Asking the Right Questions- Andy Stanley

10 May

I have a friend I spend a lot of time with, but he doesn’t know me. If you asked him what was going on in my life, he would have a hard time answering. The reason is simple; he doesn’t ask questions. I know all about him. I could tell you about his hopes and dreams, because when we’re together, I ask him questions. And that simple tale of a somewhat disinterested friend embodies a valuable principle.

In our lives, in our families, in our churches, questions accomplish two critical things. They reveal values and they reinforce values.

They reveal what matters. Questions tear through all the clutter and get at the heart of what we care about, what’s crucial to our day, and what we’re ultimately invested in.

They reinforce what matters. They keep us focused on what’s critical. They keep us talking and monitoring the core values on which our families and churches are built.

But how do you know which questions to ask? How do you move beyond, “Did it get done? How did it go?” As leaders, one of the greatest things we can do for our teams is to attach the right questions to the things we do. Why? As great leaders have noted for decades, what gets measured gets done, and what gets rewarded gets repeated. It’s impossible to measure or reward if you’re not asking the right questions and getting the right information. We all need to develop questions we ask repeatedly.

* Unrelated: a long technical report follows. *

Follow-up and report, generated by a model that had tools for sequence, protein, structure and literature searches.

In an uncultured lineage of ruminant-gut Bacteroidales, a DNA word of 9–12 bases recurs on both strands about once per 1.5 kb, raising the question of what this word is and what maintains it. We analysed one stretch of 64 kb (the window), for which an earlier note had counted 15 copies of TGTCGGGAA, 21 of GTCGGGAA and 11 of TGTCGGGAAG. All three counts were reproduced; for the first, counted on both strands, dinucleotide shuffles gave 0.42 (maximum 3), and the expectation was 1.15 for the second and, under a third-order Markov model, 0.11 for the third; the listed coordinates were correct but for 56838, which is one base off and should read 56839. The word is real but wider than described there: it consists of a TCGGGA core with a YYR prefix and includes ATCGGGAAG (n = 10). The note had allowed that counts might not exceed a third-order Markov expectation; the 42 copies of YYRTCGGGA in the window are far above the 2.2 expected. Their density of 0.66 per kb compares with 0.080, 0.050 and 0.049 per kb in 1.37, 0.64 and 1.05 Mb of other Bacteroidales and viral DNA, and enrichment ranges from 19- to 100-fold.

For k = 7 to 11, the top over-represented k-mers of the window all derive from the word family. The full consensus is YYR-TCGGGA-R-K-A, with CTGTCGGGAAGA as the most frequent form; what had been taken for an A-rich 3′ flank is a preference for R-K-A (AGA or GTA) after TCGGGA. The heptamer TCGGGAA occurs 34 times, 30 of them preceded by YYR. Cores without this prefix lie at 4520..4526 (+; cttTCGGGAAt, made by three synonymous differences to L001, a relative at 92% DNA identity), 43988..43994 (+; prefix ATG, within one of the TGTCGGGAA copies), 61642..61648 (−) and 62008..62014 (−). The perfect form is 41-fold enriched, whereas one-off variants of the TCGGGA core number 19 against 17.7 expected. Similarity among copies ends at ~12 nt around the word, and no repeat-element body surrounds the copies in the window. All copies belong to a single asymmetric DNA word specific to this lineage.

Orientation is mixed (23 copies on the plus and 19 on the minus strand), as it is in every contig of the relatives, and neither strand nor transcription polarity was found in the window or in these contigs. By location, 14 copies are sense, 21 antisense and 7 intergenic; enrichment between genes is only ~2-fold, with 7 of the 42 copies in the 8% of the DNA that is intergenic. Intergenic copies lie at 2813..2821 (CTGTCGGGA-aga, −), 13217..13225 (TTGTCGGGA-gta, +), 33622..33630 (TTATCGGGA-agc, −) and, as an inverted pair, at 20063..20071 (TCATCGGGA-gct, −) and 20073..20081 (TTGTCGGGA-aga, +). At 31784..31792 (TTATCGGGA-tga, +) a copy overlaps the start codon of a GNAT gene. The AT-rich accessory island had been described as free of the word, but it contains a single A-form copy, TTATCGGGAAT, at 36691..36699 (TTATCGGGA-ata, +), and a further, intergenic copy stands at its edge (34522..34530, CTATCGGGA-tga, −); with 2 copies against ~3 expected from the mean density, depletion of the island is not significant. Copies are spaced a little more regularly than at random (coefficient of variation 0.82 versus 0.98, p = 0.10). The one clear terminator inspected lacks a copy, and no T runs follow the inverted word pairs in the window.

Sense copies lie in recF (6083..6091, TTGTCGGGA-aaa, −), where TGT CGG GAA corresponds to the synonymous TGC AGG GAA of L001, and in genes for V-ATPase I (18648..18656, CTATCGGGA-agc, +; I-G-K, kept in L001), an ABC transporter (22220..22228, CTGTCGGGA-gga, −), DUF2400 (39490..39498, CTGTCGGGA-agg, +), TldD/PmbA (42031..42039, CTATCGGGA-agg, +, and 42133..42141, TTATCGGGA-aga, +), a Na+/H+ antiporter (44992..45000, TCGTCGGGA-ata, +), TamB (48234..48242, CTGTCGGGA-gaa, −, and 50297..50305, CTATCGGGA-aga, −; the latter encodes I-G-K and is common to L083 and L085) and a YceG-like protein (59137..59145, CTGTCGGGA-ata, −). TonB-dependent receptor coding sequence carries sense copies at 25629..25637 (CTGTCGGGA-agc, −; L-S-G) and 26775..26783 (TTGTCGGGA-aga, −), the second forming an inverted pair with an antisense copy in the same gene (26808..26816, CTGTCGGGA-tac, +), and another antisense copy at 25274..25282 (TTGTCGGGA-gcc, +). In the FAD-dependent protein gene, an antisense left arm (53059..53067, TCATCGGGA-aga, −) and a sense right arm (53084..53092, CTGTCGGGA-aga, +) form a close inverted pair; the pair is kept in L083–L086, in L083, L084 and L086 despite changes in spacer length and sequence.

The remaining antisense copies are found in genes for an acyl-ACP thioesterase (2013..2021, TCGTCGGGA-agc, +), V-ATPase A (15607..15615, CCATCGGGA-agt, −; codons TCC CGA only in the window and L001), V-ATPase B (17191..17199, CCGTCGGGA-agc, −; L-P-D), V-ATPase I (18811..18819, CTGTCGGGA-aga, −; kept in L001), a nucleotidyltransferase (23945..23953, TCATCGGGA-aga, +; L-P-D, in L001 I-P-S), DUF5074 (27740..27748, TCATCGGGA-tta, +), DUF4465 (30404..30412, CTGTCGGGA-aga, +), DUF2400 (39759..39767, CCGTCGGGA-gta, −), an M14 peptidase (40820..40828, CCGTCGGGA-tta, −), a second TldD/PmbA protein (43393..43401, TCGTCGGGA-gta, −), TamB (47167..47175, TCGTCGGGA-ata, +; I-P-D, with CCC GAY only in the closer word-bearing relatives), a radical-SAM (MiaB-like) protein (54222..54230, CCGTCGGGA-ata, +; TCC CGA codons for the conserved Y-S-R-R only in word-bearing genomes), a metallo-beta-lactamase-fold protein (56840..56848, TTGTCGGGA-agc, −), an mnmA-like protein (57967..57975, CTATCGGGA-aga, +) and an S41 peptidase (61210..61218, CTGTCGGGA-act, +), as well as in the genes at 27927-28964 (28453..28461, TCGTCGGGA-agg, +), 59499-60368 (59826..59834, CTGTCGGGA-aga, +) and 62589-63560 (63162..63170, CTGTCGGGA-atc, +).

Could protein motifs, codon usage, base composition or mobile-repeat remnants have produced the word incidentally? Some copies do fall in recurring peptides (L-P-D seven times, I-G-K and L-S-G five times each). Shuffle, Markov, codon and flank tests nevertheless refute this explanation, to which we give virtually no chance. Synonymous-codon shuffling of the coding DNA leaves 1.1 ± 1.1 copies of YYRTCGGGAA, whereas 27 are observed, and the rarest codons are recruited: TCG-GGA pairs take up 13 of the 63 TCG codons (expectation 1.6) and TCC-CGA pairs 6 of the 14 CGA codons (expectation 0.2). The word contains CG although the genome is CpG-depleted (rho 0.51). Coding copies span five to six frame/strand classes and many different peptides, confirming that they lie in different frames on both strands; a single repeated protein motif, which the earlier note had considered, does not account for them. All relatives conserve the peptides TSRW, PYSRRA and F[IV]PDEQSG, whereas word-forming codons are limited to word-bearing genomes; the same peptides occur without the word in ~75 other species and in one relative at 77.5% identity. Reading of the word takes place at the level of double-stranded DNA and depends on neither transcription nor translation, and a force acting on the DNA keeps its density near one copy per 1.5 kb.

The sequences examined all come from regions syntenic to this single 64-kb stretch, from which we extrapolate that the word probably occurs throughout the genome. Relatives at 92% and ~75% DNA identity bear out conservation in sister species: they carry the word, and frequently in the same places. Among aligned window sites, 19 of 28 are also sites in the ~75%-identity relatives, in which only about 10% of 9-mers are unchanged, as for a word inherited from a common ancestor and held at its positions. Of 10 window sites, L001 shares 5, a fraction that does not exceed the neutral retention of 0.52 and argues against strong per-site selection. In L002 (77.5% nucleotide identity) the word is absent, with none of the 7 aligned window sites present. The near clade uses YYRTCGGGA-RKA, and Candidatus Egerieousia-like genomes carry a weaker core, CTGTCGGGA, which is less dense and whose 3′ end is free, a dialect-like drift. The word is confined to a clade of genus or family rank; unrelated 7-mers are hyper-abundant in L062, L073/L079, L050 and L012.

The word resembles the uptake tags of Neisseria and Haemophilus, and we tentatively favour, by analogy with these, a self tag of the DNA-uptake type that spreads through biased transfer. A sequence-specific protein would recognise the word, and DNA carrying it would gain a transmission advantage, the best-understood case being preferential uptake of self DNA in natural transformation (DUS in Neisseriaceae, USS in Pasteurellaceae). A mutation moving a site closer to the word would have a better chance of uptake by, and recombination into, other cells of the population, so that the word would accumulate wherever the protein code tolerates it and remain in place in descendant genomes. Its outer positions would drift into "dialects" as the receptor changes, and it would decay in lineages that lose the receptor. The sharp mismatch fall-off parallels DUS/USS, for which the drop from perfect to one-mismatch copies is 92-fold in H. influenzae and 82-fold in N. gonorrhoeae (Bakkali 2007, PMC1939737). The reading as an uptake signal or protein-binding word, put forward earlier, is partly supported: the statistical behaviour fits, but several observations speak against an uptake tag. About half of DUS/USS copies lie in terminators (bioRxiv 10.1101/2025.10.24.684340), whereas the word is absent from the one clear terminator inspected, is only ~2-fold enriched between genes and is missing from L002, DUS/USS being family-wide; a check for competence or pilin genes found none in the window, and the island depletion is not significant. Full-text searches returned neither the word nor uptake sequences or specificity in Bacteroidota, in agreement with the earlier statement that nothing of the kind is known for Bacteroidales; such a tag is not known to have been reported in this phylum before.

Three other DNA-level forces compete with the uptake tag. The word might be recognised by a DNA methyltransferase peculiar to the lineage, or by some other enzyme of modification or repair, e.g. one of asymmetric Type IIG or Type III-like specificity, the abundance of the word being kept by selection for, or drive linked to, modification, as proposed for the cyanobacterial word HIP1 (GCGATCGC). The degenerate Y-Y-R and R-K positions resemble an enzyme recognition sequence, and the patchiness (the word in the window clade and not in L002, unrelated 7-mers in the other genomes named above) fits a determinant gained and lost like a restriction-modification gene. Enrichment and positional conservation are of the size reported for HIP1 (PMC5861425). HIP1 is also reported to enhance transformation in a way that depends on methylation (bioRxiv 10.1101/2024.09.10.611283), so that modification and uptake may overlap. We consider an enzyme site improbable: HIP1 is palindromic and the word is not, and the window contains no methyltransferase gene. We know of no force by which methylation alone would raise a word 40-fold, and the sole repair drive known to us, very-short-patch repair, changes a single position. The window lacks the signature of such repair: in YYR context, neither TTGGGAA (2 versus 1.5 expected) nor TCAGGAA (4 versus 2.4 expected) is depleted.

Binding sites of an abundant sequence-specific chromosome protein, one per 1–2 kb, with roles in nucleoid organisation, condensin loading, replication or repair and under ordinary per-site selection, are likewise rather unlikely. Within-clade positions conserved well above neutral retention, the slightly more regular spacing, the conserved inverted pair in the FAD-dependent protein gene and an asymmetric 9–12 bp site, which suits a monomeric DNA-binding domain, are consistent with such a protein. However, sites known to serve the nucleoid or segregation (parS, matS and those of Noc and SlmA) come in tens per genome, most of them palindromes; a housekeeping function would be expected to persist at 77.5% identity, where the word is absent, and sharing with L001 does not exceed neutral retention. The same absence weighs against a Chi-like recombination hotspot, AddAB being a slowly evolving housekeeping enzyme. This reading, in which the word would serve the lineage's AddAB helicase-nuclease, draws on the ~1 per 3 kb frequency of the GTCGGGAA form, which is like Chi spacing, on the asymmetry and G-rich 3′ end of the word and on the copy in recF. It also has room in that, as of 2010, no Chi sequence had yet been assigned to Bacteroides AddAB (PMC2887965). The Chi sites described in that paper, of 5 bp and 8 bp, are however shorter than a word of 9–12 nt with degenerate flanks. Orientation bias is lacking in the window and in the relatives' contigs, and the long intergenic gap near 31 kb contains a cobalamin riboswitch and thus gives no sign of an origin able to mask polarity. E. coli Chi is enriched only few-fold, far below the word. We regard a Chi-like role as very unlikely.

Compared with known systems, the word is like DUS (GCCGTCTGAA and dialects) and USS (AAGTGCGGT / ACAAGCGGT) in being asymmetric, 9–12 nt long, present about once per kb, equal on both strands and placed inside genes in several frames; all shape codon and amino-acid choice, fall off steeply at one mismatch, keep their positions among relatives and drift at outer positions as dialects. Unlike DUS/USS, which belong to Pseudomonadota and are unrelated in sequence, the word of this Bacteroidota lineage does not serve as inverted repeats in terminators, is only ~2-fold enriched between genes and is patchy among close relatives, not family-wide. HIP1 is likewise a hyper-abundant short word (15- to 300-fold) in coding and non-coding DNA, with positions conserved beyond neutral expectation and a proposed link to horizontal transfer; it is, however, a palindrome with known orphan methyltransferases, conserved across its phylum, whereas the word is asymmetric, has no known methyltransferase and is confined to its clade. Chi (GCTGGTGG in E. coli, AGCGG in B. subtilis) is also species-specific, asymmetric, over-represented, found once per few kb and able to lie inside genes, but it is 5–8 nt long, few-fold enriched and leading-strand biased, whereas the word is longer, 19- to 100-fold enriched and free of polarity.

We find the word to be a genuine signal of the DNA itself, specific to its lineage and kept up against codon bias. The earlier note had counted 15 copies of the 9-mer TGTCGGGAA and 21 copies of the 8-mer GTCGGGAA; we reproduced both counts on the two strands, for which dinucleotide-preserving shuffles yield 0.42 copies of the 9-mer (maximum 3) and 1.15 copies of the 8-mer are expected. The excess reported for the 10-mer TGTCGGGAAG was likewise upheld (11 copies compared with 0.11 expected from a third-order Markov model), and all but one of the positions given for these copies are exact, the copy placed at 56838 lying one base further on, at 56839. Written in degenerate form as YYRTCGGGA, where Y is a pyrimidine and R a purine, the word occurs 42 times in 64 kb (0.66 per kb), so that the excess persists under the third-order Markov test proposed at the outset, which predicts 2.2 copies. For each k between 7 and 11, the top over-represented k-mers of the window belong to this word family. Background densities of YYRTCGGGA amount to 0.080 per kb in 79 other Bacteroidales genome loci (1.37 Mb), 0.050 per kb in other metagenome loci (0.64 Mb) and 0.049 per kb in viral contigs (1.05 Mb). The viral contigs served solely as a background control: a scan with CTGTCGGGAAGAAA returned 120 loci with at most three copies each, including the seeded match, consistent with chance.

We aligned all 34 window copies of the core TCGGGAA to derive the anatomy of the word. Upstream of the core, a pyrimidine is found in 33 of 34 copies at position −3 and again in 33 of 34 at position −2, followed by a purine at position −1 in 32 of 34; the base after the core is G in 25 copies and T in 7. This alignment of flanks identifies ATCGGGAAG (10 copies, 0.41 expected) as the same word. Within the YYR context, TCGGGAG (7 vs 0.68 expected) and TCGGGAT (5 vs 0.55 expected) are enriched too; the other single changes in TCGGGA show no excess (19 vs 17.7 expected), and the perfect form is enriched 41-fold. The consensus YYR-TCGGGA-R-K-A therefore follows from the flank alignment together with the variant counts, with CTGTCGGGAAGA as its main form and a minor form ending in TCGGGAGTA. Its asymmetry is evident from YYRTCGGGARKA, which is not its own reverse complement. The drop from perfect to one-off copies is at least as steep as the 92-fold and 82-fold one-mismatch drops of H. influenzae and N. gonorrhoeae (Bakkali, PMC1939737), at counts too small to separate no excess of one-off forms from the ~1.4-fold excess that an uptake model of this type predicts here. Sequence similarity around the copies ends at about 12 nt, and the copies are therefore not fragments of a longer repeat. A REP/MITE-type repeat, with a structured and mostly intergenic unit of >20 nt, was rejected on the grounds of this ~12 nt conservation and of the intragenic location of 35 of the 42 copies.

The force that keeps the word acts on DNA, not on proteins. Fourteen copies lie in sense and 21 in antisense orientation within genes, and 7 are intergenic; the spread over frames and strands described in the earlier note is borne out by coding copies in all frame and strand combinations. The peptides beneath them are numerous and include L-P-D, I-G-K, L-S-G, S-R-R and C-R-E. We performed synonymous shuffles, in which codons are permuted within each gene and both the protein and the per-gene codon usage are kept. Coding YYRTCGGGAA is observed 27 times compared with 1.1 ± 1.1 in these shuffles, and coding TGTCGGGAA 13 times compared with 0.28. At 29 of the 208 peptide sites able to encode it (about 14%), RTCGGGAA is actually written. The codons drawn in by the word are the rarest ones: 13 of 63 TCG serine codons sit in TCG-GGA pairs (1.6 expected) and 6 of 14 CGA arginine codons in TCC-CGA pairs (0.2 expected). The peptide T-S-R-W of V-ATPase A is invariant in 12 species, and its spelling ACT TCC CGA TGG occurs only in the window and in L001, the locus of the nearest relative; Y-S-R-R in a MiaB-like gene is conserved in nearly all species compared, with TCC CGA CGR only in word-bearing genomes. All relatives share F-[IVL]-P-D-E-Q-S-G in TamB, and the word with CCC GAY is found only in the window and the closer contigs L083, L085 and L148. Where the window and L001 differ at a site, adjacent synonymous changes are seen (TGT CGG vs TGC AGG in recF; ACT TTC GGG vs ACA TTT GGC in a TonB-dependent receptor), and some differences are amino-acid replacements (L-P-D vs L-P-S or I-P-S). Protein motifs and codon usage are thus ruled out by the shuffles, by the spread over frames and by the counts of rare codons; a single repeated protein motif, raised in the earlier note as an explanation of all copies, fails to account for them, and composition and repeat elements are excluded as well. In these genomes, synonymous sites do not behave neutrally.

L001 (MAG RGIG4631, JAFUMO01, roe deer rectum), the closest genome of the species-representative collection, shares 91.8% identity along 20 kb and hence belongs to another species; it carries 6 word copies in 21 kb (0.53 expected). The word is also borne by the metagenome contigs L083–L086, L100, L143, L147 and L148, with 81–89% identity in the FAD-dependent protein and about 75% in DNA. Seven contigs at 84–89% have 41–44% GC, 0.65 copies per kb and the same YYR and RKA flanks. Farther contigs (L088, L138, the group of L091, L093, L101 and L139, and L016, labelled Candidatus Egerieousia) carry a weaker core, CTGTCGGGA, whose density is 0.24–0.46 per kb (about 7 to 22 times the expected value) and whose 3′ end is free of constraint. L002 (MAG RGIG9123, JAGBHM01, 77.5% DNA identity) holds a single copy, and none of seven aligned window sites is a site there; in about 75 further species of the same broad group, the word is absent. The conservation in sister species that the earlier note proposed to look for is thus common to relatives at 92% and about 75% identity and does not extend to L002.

When it comes to asking the right questions, there are three areas in particular that leaders should focus on. As you read the following, ask yourself what questions you need to be asking your team members.

Cont. Reading

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